Chemical engineering is the branch of engineering that deals with the application of physical science (e.g. chemistry and physics), and life sciences (e.g. biology, microbiology and biochemistry) with mathematics. In short, chemical engineering basically is applied chemistry. It is the branch of engineering concerned with the design, construction, and operation of machines and plants that perform chemical reactions to solve practical problems or make useful products.
Chemical engineers devise ways to make products from raw materials and ways to convert one material into another useful form. In addition to producing useful materials, modern chemical engineering is also concerned with pioneering valuable new materials and techniques – such as nanotechnology, fuel cells and biomedical engineering.
Chemical engineers enjoy careers in a wide range of industries, from manufacturing and energy to biotechnology, product design, and pharmaceuticals. They are largely involves the design, improvement and maintenance of processes involving chemical or biological transformations for large-scale manufacture. A chemical engineer often works in a very specialized field. Some examples of specialized fields include developing fertilizer, developing pesticides, developing cleaners, and making plastics.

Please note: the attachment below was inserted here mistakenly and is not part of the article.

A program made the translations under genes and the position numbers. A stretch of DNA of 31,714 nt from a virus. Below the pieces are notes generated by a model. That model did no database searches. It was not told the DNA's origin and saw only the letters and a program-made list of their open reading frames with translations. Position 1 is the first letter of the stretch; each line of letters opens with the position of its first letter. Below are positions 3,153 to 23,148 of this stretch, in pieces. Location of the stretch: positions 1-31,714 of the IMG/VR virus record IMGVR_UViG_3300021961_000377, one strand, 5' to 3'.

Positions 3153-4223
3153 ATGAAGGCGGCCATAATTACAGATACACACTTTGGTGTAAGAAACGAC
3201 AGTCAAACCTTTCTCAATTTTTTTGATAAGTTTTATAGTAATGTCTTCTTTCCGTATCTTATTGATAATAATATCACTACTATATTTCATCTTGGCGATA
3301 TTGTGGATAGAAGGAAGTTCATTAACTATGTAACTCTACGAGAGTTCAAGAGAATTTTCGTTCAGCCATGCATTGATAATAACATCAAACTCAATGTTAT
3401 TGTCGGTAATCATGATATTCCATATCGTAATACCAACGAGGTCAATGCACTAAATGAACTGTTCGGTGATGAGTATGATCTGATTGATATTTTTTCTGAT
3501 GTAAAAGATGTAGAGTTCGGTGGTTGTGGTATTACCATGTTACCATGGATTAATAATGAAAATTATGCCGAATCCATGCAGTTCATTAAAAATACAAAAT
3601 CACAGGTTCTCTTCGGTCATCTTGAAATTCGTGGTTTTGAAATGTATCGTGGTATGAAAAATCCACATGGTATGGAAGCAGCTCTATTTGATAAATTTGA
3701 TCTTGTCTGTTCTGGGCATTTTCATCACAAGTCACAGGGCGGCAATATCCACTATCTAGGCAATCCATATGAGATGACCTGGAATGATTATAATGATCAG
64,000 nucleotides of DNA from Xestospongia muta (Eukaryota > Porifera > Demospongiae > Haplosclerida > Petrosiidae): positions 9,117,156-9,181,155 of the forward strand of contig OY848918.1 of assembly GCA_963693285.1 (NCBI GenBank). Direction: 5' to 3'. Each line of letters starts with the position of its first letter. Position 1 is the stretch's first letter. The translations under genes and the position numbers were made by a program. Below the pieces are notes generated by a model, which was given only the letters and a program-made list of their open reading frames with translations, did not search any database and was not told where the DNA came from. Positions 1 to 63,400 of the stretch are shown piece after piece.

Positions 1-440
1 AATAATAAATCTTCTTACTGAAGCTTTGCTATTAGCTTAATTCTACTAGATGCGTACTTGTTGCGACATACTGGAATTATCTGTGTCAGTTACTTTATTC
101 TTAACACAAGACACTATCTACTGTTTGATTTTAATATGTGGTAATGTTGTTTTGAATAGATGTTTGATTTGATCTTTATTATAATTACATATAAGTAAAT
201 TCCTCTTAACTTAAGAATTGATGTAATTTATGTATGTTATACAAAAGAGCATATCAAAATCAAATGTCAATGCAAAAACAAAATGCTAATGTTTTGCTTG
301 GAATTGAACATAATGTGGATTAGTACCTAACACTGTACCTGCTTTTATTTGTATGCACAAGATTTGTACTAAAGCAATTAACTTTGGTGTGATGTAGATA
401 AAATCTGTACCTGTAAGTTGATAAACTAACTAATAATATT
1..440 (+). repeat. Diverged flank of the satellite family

Some chemical engineers make designs and invent new processes. Some construct instruments and facilities. Some plan and operate facilities. Chemical engineers can make processes more cost effective or more environmentally friendly or more efficient.
Chemical engineers do make a decent income. Probably the best place for a chemical engineering career right now is in the pharmaceutical industry. Drug companies are doing very well and working very hard to produce new drugs. Chemical engineers are needed to research, test, and formulate these drugs.
What you study in a Chemical Engineering Course?
A chemical engineer actually has to have knowledge that spans across many subjects. Hence a student in chemical engineering course needs to learn a wide range of scientific and engineering subjects such as physics, math, mechanical engineering, and electrical engineering.
In fact, a prerequisite for a course in chemical engineering is a solid result for mathematics and science subjects such as chemistry, mathematics and physics. Typical areas of study include:
Conservation of mass and energy
Equations of heat and mass transfer, on both microscopic and macroscopic scales
Basic structural mechanics
Process dynamics and control
Process safety and risk assessment